Reenacting photos are really my favorites. If I couldn't take them reenactments really wouldn't be much fun for me. I love sharing my weekends and photos really help. I know my view on this is an unpopular one but I really think having photos adds to the hobby. It's also a way to see how the hobby changes. Remember those farb photos from the 70s and 80s? I'd also prefer this stuff documented by us, not people who don't know what they are photographing or people from that new school of "journalism" who like to take part in events, Halloween costumes and all.

I do have to thank National Geographic for those lovely photos of reenactors standing next to portable toilets and in parking lots. I'm glad the general public "knows" what reenacting is about now.

4 comments:

  1. I think as a whole people need to remember that we're presenting a living picture of history for people to come and learn. I know that there are many different types of people that come to help present this picture.

    Some events require that all reenactors stay in their 19th century attire for the entire event. Others are more relaxed. Personally, I'm of the opinion that after the camps are closed and spectators are gone, reenactors should be able to enjoy their evenings however they like.

    If you want to continue living in the 19th century, you should be able to do so. If you want to grab your copy of Harry Potter, you should be able to do so too. If you want to take pictures with your fancy camera, you should be able to do that. Without spectators, we have nothing to present.

    I do agree that cameras should remain hidden during hours that the camps are open. If you can grab a few shots without people noticing, that's great, but I don't think people should flaunt modern items in front of spectators.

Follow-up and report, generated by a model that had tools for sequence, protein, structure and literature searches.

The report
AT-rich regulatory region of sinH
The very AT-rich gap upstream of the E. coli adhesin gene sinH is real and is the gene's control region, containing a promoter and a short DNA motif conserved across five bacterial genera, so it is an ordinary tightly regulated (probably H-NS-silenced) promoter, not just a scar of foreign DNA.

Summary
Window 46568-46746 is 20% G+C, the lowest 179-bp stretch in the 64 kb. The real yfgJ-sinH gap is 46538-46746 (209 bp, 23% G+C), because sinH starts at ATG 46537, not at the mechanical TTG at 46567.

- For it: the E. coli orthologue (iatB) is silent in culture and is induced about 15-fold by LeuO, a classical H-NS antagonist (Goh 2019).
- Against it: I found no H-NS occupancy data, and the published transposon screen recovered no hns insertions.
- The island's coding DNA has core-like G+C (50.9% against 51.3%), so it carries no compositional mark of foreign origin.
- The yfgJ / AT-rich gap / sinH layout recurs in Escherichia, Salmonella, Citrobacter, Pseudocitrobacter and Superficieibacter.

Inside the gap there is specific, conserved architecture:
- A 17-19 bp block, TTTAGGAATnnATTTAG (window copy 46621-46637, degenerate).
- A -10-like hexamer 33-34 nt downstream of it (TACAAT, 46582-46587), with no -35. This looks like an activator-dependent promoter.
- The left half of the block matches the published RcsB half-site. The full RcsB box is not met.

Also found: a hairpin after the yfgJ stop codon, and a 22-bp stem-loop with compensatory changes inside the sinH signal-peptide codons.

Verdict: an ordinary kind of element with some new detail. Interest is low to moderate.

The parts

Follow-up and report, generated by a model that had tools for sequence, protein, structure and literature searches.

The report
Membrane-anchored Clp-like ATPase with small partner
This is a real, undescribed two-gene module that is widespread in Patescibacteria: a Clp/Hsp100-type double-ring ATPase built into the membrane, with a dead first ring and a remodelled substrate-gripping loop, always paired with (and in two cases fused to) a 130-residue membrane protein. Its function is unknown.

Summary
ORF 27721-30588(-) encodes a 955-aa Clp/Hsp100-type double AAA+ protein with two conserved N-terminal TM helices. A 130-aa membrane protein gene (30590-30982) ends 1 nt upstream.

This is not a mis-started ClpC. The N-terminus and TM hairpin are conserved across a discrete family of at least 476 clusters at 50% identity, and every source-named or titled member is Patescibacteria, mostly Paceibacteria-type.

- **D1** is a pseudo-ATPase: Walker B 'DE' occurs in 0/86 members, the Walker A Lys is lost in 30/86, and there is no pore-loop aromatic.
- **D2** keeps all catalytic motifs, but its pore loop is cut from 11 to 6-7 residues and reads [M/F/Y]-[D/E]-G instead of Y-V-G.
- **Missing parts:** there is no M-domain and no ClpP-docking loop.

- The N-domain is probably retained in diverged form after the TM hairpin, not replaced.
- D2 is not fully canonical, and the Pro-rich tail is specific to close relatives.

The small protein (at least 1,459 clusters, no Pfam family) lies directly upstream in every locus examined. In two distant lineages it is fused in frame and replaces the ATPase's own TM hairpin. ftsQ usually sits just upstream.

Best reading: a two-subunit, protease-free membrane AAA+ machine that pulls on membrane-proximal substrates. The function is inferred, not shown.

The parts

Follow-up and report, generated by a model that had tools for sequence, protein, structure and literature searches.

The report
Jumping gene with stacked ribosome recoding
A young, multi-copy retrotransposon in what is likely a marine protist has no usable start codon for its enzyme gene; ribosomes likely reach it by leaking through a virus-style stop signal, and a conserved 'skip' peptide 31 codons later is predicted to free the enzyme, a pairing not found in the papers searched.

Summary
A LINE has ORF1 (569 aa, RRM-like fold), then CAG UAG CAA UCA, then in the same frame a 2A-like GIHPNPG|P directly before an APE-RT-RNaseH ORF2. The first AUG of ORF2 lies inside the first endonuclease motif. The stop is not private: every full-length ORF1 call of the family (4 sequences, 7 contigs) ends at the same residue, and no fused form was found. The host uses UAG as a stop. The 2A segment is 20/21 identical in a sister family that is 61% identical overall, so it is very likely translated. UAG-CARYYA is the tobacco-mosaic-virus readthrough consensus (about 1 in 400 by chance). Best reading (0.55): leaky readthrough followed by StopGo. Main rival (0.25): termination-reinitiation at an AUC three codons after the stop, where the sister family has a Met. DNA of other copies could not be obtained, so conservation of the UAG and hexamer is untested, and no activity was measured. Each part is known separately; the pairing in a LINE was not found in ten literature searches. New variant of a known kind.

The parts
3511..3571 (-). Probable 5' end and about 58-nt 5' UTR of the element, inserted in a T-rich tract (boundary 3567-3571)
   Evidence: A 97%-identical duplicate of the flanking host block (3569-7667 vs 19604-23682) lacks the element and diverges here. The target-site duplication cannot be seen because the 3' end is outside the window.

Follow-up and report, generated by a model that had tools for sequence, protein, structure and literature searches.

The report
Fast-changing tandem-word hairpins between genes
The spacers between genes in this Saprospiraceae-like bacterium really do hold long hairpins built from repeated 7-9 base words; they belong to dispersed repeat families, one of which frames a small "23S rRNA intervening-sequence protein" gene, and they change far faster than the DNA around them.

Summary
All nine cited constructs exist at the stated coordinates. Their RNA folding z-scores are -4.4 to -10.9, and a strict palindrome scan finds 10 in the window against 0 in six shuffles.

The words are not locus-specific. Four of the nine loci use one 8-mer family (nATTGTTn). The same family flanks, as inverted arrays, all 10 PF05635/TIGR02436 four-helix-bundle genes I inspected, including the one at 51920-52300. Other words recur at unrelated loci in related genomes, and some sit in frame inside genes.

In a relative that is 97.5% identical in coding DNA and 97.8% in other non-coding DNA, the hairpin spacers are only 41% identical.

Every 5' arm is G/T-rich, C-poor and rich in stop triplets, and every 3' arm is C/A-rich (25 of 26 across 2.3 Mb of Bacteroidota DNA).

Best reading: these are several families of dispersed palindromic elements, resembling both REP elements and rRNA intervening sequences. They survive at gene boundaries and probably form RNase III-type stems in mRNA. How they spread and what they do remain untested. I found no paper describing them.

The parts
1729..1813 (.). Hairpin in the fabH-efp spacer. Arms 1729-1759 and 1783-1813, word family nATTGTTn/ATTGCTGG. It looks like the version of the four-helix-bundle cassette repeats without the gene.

More people need to remember that we are not 19th century people. We are merely portraying them for others.

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  2. Another fine post!
    As you well know, I take many, many photos at reenactments. My camera is not overly big and fits in side my carpet bag perfectly. And that's another idea: do not carry the camera around your neck at events - have it in your carpetbag, pull it out to take a picture, then slip it back in. It works quite well for me. And most don't notice it.
    Now, I do enjoy taking posed pictures - scenes and the like - almost all are without the public around.
    I feel it's up to the living historian's discretion on when and where to take pictures. There have been some events that I have attended that absolutely forbid cameras while most tend to overlook then for your reasons stated. I follow whatever rules are placed down.
    To me, more important than hiding cameras is hiding water bottles, which reenactors tend to carry out in the open far more than cameras.
    Thanks again for a thought-provoking post.

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  3. Love, love the watercolor of the tents. And I always appreciate your point of view. Your many talents never cease to amaze me. You're a gem.